The Japanese food transition

1. Peak “buckwheat noodle” came in 1914.

2. Peak horse meat came in the 1960s.

3. Peak whale meat came in 2005-2006, although some of that supply was frozen and has not yet been consumed.

4. The consumption of vegetables has been broadly constant for decades.

5. Yearly per capita pork consumption has risen from 1.1 kg in 1960 to 11.7 kg in 2008.  During the 1960s, the consumption of chicken meat nearly quintupled.

6. In 1876, per capita sake consumption was 17 liters per capita, which was very high for Japanese income at the time.  You can compare that to America’s 7 liters of ethanol per drinking age person in 1870.

7. Land area under cultivation peaked in 1921.  The United States and China, however, cultivated more land in 2000 than they did in 1900.

8. Japan’s paddy fields peaked in 1969.

9. In 2006 Japanese meat consumption edged out fish consumption for the first time.

All of those estimates are from a very interesting book by Vaclav Smil and Kazuhiko Kobayashi, Japan’s Dietary Transition and Its Impacts.

Comments

I need to get there pronto, based upon the pork consumption stat alone!

"In 1876, per capita sake consumption was 17 liters per capita, which was very high for Japanese income at the time. You can compare that to America’s 7 liters of ethanol per drinking age person in 1870."

Just to be clear, sake's 16% alcohol content means that 1876 Japan consumed 2.7 liters of ethanol per capita. Only about 40% of American consumption. This doesn't seem unusually high, even given low incomes. Alcohol tends to be pretty income inelastic.

Americans were drunk much of the time before the temperance movement built up steam. I think peak alcohol consumption was in the first half of the 19th Century. America grew lots and lots of corn per capita back then, but it was expensive to move bulky products around before the transportation network was improved. So, turning corn into high value hard liquor before putting it in jugs on wagons saved money.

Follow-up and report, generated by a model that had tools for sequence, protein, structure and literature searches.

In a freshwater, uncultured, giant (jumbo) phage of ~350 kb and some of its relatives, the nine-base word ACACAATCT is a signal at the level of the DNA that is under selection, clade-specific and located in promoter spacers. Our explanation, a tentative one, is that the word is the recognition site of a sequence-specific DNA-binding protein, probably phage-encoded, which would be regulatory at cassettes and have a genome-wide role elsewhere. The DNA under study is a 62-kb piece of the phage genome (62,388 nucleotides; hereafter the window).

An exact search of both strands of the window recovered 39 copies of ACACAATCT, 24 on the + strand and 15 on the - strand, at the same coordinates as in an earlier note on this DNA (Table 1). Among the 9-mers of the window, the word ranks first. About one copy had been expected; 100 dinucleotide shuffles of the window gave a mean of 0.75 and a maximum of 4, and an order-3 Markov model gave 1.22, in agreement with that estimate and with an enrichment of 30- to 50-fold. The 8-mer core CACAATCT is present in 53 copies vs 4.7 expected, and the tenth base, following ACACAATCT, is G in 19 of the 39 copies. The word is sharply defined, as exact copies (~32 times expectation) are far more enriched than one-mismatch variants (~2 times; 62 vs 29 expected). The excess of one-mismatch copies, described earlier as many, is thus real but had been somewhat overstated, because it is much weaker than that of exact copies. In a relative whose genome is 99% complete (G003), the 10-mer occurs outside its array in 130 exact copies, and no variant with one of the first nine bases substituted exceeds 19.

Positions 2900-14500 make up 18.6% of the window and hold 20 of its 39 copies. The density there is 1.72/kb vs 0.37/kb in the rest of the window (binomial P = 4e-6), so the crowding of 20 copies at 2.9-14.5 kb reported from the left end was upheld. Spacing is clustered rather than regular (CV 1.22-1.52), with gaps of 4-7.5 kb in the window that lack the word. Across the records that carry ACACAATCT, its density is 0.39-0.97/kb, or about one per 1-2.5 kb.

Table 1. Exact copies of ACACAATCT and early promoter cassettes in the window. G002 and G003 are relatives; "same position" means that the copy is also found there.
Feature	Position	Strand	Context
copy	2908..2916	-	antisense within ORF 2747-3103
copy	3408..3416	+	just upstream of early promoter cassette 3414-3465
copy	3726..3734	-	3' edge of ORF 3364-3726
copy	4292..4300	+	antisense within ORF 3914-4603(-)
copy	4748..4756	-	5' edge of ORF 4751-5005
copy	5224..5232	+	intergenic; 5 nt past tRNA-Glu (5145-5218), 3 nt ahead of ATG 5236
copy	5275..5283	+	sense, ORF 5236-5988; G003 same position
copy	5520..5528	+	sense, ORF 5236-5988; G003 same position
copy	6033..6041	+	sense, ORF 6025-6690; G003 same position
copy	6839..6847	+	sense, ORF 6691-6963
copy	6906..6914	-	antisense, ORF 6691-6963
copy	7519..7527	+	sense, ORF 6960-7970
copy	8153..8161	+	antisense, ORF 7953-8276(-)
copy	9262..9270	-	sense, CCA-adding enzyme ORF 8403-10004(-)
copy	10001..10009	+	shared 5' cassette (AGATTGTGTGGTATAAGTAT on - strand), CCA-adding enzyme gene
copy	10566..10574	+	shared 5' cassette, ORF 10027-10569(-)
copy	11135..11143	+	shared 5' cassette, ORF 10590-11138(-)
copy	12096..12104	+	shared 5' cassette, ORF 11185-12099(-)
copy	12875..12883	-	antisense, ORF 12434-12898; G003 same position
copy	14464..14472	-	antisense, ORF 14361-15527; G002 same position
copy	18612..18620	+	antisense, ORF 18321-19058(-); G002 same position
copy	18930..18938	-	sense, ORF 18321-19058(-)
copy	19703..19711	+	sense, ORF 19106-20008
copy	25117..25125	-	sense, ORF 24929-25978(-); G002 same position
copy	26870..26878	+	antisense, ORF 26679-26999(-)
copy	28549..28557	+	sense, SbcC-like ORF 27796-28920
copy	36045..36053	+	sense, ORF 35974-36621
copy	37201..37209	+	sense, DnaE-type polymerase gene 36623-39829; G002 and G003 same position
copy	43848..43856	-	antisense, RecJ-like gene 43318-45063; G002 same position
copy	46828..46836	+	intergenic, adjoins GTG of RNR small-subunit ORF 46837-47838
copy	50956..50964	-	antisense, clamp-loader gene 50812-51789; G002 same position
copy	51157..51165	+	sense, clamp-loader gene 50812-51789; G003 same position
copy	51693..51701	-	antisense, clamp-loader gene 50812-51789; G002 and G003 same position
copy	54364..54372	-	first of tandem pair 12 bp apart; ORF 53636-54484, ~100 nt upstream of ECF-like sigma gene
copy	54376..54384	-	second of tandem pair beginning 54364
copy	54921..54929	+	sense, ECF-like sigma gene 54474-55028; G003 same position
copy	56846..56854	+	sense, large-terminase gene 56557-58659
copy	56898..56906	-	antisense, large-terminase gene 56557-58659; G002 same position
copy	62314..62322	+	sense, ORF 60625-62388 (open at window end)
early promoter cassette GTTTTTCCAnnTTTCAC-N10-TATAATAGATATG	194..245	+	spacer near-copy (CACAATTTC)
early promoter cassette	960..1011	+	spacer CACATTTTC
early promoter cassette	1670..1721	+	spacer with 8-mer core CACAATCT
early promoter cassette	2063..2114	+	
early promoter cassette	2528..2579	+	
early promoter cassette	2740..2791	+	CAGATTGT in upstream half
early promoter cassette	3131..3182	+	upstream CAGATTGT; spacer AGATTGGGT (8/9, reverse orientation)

And then women got the vote, the red light districts were closed, and the party was over.

Beat me to it Doug!

per capita != drinking age person

Though how different are 'drinking age persons' and 'per capita'? 2x given a young age distribution?

No kindle version of this book and this post isn't exactly a rock-solid recommendation.

The subject seems pretty interesting but the signals aren't looking great for the readability of this book.

It's by Vaclav Smil. That is alone is a very reliable signal of quality.

#7 - What was that a few weeks ago about comparative advantage being over-rated?

Wouldn't #7 likely be absolute advantage?

Chinese agriculture, an absolute advantage? Really?

I'm not sure but I would not have guessed agricultural productivity would be high. Although I guess in some provinces it could be.

Fish is meat, so total meat consumption will exceed any subset of meat. If by "meat" you meant to exclude fish, what about chicken? Did you mean red meat + poultry > fish? Or did you mean red meat > fish? Maybe it will be clear after I've had some ethanol.

I think this is more of a UK (?) terminology, but meat can be used to mean the flesh of a mammal (as opposed to fish/poultry).

No, it's not special to the UK, where Smil and Cowen have never lived. That is the normal meaning in the US and Canada.

There is some variation in usage, though. In the Southern US, "meat" is very narrow.

In my experience this particular sin gets committed in the US a lot. I keep wondering if I order a fish over there and cut it open will vegetables spill out?

What sin?

Peak human meat consumption (Allied POW subcategory) was ca. 1945.

Comments for this post are closed